RABBITS

WHY (NOT) RABBIT?

While rabbit isn’t commonly eaten in North America (anymore), the real question is why not!?

The meat from domestic rabbit is mild in taste, high in protein, lean, nutrient dense. It also lends itself well to a number of cooking styles and can be substituted for chicken in many dishes. It is also a very lean protein meaning that it is good for your heart and won’t contribute to high cholesterol or heart disease. Moreover, from an ecological perspective, rabbits have an incredibly small footprint. They are quick to raise, produce an incredibly soil and plant friendly manure, and have a low consumption vs output ratio.

It’s time more people tried this fantastic, and all too often overlooked, meat!

pastured domestic rabbit

Return to Earth’s rabbits are pastured whenever possible and, like all of our animals, are raised without the use of antibiotics, steroids, or growth hormones.

Our rabbits are sold whole.

If unsure of where to start and in need of some good recipes or cooking guidance, let us know! We’re happy to provide recipes and advice.

RAISING OUR RABBITS

adult rabbit being held by farmer

Return to Earth’s rabbits are born on location within our own Rabbitry. 

We’ve maintained a breeding line comprising Flemish Giant, Californian, and New Zealand rabbits since 2016. By blending the best attributes from each of these breeds we get what is, in our opinion, a near-perfect meat rabbit.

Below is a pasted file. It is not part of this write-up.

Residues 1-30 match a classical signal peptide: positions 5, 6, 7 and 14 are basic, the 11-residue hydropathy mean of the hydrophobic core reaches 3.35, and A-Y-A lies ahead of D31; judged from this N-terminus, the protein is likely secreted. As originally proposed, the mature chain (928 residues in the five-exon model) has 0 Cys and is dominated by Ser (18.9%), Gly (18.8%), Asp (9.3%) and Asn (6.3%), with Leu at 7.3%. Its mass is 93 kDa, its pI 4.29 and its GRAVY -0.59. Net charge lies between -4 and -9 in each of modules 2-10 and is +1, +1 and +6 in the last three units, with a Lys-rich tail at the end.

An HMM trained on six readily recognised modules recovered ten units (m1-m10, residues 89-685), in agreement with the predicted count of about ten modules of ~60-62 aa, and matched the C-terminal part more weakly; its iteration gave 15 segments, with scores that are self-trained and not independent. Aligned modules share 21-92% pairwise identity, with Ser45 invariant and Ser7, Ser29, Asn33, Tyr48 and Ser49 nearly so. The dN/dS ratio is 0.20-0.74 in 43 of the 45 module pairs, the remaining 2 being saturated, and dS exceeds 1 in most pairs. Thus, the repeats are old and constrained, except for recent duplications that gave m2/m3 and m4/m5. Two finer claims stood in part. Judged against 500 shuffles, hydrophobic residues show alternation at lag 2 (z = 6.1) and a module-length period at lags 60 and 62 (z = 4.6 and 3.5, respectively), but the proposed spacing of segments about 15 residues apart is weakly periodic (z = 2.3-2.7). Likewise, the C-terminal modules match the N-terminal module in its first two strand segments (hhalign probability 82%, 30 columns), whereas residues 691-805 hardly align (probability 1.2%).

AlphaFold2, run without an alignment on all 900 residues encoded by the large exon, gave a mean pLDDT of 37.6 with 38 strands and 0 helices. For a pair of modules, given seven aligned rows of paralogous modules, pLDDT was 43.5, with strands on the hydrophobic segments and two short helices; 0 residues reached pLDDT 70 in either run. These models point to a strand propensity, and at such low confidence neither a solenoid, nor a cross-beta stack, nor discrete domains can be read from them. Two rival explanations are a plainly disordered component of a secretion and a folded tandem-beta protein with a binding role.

During the summer months, our rabbits live on pasture in specially designed covered cages with slatted floors. This provides access to fresh greens while providing shelter from the elements, preventing escape, and keeping the rabbits safe from predators. The rabbits are moved every day or so to a new patch of pasture. Constant movement provides fresh forage, a sanitary living space, and utilizes the rabbit’s extremely nitrogen-rich manure directly on the fields.

As we run our own breeding program, we keep our breeding stock year-round. During the winter months our breeding rabbits reside in generously sized cages within our light filled Racken house. There, they are joined by our laying hens who turn over the ground bedding in search of insect larvae and any dropped rabbit feed. Basically, the hens are the helpful roommates who keep everything clean and sanitary.